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Brothers at Arms: American Independence and the Men of France and Spain Who Saved It Hardcover – Deckle Edge, November 15, 2016
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“Remarkable. . . . Brothers at Arms is one of the most important books on the American Revolution published in this decade.” —Dallas Morning News
“[I]n his wide-ranging study . . . [Ferreiro] draws attention to people and events that George Washington and the other eminent founders routinely overshadow. The result is a familiar story told from a new vantage point. Revisionist in the best sense, Mr. Ferreiro’s book deftly locates the war within the rivalrous 18th-century Atlantic world. . . . . Impressive.” —The Wall Street Journal
“Engaging and informative, Ferreiro’s Brothers at Arms refutes the widely-held view that the Marquis de Lafayette alone represented France until Vicomte de Rochambeau and Admiral de Grasse sealed the fate of Lord Cornwallis at Yorktown. . . . Ferreiro is a skillful storyteller. His experience in the U.S. Navy, Coast Guard and Department of Defense, and as an exchange engineer in the French Navy, is on display in his descriptions of battles on land and at sea. Brothers at Arms is filled with telling—and titillating—details. . . . In the end, however, the enduring importance of Brothers at Arms is Ferreiro’s accurate (and perhaps humbling) reminder that when Brig. Gen. O’Hara, representing Cornwallis, emerged at Yorktown to surrender, and turned toward Rochambeau, he was acknowledging that the victory was as much France’s as it was America’s. And when Rochambeau wordlessly pointed him across the lane toward Washington, he was ‘well aware to whom belonged the moment.’ After all, as Ferreiro concludes, ‘the American nation was born as the centerpiece of an international coalition.’” —Glenn Altschuler, Tulsa World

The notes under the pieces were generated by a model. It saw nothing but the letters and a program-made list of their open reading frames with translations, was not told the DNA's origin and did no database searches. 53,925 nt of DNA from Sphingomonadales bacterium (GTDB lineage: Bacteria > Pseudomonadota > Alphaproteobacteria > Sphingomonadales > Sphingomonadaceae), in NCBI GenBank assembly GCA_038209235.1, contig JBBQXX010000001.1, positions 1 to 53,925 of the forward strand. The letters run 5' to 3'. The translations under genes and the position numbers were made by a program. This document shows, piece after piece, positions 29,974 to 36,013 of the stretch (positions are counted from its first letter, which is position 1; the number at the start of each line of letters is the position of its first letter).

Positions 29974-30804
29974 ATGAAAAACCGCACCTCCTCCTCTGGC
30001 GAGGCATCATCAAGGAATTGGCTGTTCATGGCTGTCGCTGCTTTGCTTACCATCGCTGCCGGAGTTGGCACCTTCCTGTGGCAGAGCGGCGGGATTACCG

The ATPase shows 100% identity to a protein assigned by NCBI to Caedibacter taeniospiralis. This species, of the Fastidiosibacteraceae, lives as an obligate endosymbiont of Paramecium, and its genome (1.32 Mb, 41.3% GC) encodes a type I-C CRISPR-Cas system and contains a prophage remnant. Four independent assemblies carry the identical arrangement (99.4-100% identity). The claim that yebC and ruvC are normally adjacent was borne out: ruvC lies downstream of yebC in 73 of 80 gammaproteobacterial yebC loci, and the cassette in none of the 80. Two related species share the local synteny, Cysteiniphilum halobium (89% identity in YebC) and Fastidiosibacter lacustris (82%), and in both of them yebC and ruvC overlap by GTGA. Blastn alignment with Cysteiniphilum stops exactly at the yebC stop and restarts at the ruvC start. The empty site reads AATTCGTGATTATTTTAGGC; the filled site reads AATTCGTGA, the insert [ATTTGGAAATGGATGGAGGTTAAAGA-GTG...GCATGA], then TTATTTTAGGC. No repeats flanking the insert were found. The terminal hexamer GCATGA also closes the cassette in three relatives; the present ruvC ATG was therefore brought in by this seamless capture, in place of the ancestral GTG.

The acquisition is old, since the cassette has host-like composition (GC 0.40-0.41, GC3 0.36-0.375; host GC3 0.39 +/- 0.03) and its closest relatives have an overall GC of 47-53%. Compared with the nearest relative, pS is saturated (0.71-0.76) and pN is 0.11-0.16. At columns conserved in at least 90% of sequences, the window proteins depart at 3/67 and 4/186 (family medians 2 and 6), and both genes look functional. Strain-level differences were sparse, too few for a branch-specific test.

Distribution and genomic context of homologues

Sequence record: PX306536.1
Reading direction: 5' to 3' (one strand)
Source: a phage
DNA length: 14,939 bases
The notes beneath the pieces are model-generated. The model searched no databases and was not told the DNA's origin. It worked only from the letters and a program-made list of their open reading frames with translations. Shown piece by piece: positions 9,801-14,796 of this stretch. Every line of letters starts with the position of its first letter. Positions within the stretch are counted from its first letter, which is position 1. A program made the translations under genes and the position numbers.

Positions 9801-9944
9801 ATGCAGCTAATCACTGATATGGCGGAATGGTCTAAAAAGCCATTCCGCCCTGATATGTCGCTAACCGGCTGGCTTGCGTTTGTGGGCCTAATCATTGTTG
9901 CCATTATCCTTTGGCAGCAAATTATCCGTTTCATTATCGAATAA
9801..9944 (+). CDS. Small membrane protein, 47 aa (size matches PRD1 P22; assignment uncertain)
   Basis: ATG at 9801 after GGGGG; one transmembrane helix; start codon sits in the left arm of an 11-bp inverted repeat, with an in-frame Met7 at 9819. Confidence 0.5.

“Imporant as scholarship, Ferreiro’s history is also eminently fluid for all readers interested in the U.S.’s beginning.” —Gilbert Taylor, Booklist
“Even seasoned American history readers will likely find new content on a pivotal era.” —Library Journal (starred review)
“Ferreiro mounts a deeply informed, authoritative, and compelling argument for the importance of two major European powers to American independence. ‘Instead of the myth of heroic self-sufficiency,’ he writes, ‘the real story is that the American nation was born as the centerpiece of an international coalition.’ . . . Besides offering a vivid chronicle of combat, the author traces the tense negotiations between American emissaries in Europe—notably Benjamin Franklin and Silas Deane—and their French and Spanish counterparts. . . . A largely untold, engrossing history of our nation’s fraught, and unlikely, path to liberty.” —Kirkus (starred review)
“For some time, historians have understood that globalization was born during the founding of the American colonies, north and south. Now comes Larrie Ferreiro to recount in this magnificent volume the myriad ways that the globalized world was very much in play when those colonies began to come undone—during the American Revolution. A whole canvas of passions and interests is illumined here, allowing us to see history through a thoroughly fresh lens.” —Marie Arana, author of Bolívar: American Liberator